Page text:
VA – The Best of Ken Burns Jazz (2000)

VA - The Best of Ken Burns Jazz (2000)
Artist: Various
Album: The Best of Ken Burns Jazz
Genre: Bop, Cool, Hard Bop, Post-Bop, Swing, Vocal Jazz
Released: 2000
Quality: mp3, 320 kbps

Louis Armstrong – Star Dust (3:36)
Jelly Roll Morton – Dead Man Blues (3:15)
Noble Sissle & Sidney Bechet – Dear Old Southland (2:38)
Frankie Trumbauer & Bix Beiderbecke – Singin’ the Blues (3:02)
Louis Armstrong – St. Louis Blues (2:59)
Duke Ellington – The Mooche (3:16)
Fletcher Henderson – Hotter Than ‘Ell (2:57)
Benny Goodman – King Porter Stomp (3:11)
Artie Shaw – Begin the Beguine (3:16)
Duke Ellington – Cotton Tail (3:13)
Count Basie – Jumpin’ at the Woodside (3:11)
Billie Holiday & Eddie Heywood – Solitude (3:14)
Dizzy Gillespie & Charlie Parker – Groovin’ High (2:42)
Thelonious Monk – Straight, No Chaser (2:57)
Sarah Vaughan – They Can’t Take That Away from Me (2:42)
Dave Brubeck – Take Five (45-rpm version) (2:56)
Horace Silver – Doodlin’ (6:46)
John Coltrane – Giant Steps (4:45)
Miles Davis – So What (9:24)
Lincoln Center Jazz Orchestra – Take the “A” Train (5:34)


A subset of the five-CD package, Ken Burns’ single-CD volume wraps it all up in 75 minutes. This 20-song compilation serves to introduce jazz, from early vocal and trumpet work by Louis Armstrong to the Lincoln Center’s recent Ellington tributes. Every selection is a teaching point that serves to introduce significant milestones along the way. Sure, there are holes. It takes a lifetime to cover it all, and we’re happy to keep on trying on our own. Nevertheless, Ken Burns has done the public a great service through his latest project. Six years in the making, his documentary explores the early development of jazz.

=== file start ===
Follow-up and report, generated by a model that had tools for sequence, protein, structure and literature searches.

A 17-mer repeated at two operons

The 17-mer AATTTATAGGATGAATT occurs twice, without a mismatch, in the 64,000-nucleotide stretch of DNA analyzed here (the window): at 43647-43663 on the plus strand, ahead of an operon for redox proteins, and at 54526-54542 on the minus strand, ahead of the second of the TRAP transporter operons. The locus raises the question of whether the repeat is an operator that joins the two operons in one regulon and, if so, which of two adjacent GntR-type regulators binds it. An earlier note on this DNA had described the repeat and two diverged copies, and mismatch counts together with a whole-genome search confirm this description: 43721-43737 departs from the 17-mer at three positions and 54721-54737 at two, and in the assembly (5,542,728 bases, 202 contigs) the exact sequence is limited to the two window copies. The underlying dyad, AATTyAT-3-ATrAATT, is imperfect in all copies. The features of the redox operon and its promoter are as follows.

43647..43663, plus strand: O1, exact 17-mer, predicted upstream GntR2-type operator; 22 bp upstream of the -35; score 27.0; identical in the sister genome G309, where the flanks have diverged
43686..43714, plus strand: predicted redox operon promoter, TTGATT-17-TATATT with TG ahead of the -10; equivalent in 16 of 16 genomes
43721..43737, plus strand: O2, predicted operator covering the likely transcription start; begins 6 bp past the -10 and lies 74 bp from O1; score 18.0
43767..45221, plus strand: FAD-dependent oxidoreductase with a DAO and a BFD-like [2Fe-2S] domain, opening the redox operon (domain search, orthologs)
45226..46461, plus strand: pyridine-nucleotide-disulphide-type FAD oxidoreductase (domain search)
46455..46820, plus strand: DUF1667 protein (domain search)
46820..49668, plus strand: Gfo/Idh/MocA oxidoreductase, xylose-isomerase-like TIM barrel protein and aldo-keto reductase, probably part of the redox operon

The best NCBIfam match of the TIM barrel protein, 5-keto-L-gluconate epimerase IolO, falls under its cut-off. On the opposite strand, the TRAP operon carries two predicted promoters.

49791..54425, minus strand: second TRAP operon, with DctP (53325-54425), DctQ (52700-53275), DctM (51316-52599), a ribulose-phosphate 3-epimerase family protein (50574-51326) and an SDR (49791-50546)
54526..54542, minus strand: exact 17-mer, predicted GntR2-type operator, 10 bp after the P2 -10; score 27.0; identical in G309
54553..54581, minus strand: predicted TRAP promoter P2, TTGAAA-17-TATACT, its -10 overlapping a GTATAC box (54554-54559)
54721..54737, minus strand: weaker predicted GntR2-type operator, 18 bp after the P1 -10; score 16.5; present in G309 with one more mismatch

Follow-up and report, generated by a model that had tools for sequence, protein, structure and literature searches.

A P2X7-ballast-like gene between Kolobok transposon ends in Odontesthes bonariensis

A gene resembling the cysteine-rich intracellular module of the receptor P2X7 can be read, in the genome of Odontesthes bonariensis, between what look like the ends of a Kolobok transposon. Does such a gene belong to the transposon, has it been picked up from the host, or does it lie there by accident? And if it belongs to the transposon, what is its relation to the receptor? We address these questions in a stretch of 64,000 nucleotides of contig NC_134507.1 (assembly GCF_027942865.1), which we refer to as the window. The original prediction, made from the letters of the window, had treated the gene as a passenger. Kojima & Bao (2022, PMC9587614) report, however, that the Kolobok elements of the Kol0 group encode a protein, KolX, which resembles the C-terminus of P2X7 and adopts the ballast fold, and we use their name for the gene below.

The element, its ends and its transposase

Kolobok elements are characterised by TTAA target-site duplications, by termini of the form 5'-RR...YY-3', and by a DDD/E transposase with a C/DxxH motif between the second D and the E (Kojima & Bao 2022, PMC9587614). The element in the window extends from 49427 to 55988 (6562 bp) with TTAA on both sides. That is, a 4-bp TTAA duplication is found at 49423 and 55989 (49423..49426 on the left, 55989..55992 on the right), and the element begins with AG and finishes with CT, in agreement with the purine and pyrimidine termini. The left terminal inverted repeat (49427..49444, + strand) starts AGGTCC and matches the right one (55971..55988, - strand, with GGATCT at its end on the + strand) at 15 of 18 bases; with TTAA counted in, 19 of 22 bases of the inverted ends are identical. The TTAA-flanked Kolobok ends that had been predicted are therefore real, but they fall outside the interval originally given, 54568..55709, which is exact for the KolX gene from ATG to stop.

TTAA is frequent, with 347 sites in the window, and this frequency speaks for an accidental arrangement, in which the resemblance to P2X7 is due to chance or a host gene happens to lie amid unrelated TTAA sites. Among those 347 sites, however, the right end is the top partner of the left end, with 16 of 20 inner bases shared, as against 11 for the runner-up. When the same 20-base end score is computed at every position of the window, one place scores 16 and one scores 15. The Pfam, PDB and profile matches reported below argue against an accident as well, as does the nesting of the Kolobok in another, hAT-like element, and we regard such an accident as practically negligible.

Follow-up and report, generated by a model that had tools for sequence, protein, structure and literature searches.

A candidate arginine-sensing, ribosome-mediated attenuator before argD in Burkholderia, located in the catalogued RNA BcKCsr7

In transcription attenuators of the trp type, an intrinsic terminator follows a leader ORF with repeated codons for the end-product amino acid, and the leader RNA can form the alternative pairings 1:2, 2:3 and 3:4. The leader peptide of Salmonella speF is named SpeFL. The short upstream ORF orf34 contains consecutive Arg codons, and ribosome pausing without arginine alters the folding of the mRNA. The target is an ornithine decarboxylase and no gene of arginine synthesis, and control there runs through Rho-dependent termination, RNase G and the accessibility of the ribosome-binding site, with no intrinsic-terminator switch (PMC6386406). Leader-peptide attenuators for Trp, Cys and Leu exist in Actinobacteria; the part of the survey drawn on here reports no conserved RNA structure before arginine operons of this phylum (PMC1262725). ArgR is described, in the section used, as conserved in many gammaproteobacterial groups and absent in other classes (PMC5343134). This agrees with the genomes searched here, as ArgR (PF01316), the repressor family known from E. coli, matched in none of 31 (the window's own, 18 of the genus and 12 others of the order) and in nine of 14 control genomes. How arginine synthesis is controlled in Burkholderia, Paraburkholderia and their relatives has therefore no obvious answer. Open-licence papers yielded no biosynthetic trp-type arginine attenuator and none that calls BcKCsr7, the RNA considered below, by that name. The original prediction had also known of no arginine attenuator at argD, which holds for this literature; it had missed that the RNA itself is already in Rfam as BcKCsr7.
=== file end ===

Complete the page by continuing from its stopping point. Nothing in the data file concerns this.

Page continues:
The wordless vocals of Baby Cox with Duke Ellington on “The Mooche” represent a significant thread that runs through jazz. Sidney Bechet’s clarinet, Billie Holiday’s fragile voice, John Coltrane’s giant steps and Miles Davis’ unmistakably haunting trumpet serve as benchmarks. Missing is the second half of the Twentieth Century, with its diversity and worldwide growth. Established elements such as wah-wah trombone and growling trumpet lead to various phases of American jazz. The 1950s represents a culmination, and that’s that. With a beautiful arrangement of “Take the ‘A’ Train,” Wynton Marsalis and the Lincoln Center Jazz Orchestra return jazz to its roots.

Burns’ single-CD volume comes with an informative, well-written 15-page essay by the author that includes black and white photos. Burns makes a significant point when he reminds us that jazz is “not an inaccessible music best left to intellectuals, critics and experts.” No, as Burns makes clear, jazz swings for everyman, and his ten-part film documentary is designed to appeal to anyone who cares to pay attention.